Training a typical natural-language processor requires so much computing power that it emits as much carbon as the life span of five American cars. Training an image recognition model releases as much energy as a typical home puts out in two weeks—and it’s something that leading tech companies do multiple times a day.
Much of the energy use in modern computing comes from the fact that data needs to be constantly transferred back and forth between memory and the processor. Manuel Le Gallo is working with a research team at IBM that’s building technology to enable new kinds of computing architecture that aims to be faster and more energy efficient but still highly precise.
Le Gallo’s team developed a system that uses memory itself to process data, and his team’s early work has shown they can achieve both precision and huge energy savings. The team recently completed a process using just 1% as much energy as when the same process was performed with conventional methods.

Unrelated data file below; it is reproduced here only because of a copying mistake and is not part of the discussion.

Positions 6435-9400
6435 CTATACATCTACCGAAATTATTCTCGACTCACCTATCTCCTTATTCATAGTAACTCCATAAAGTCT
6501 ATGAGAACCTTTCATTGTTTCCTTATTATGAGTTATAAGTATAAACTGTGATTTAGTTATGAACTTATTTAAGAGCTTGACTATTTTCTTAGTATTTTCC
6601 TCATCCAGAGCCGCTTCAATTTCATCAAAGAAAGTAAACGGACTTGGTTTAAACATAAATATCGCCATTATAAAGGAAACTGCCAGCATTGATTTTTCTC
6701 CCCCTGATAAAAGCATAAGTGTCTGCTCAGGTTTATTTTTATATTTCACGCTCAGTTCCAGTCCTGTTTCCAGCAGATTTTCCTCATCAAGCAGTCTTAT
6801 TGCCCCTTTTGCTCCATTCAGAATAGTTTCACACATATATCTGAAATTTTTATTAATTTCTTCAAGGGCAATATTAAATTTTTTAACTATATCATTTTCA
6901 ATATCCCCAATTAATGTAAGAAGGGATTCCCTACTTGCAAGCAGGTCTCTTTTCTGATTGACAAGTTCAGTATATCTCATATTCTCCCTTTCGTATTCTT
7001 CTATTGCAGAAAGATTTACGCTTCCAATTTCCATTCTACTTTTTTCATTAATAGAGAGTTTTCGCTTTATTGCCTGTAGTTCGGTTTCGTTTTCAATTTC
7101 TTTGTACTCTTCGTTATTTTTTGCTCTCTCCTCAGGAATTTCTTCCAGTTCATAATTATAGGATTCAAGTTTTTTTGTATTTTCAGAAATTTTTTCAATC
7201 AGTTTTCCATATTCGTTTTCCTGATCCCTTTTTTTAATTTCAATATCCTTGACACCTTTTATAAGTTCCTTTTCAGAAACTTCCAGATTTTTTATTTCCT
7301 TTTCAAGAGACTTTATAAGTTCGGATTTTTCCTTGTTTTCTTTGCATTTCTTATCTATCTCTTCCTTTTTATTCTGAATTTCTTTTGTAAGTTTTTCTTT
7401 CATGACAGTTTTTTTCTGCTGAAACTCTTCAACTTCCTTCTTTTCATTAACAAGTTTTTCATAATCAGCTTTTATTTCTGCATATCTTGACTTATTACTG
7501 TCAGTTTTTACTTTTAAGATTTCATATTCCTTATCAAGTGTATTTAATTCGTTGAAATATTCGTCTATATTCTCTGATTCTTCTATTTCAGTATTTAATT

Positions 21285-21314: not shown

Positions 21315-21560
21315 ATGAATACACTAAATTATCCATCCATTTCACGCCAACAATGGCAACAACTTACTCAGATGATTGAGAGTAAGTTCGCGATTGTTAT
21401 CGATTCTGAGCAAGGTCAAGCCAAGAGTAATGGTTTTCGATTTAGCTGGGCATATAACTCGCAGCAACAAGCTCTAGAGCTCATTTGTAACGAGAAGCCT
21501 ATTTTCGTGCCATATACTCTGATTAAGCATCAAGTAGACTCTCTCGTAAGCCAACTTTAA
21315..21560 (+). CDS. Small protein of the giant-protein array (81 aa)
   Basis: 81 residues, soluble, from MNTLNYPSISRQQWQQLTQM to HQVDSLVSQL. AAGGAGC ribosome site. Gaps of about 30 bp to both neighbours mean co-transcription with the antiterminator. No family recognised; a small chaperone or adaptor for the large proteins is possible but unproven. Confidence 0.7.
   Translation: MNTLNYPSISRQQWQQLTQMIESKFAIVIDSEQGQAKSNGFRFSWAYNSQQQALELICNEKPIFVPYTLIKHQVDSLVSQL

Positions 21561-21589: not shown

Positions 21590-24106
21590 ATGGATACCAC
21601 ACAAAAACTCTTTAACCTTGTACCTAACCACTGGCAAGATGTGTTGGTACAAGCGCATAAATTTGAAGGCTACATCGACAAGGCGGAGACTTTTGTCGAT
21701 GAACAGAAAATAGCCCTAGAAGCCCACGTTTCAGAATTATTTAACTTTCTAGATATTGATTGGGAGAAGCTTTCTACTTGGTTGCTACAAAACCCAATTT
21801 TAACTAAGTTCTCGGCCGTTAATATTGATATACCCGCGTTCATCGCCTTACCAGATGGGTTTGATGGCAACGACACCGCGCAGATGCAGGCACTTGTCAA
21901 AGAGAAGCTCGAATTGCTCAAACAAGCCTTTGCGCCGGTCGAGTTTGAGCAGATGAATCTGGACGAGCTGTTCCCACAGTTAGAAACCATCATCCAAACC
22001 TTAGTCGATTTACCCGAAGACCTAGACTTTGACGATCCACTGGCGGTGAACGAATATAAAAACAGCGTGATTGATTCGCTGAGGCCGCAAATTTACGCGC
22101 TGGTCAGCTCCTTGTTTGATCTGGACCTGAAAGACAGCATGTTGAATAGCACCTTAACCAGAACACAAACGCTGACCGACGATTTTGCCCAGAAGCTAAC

As companies from the financial sector to life sciences constantly train their AI models to improve them, their energy needs will balloon. “What will change is we will be able to change models faster and more energy efficiently, which will definitely reduce the carbon footprint and energy spent training those models,” Le Gallo says.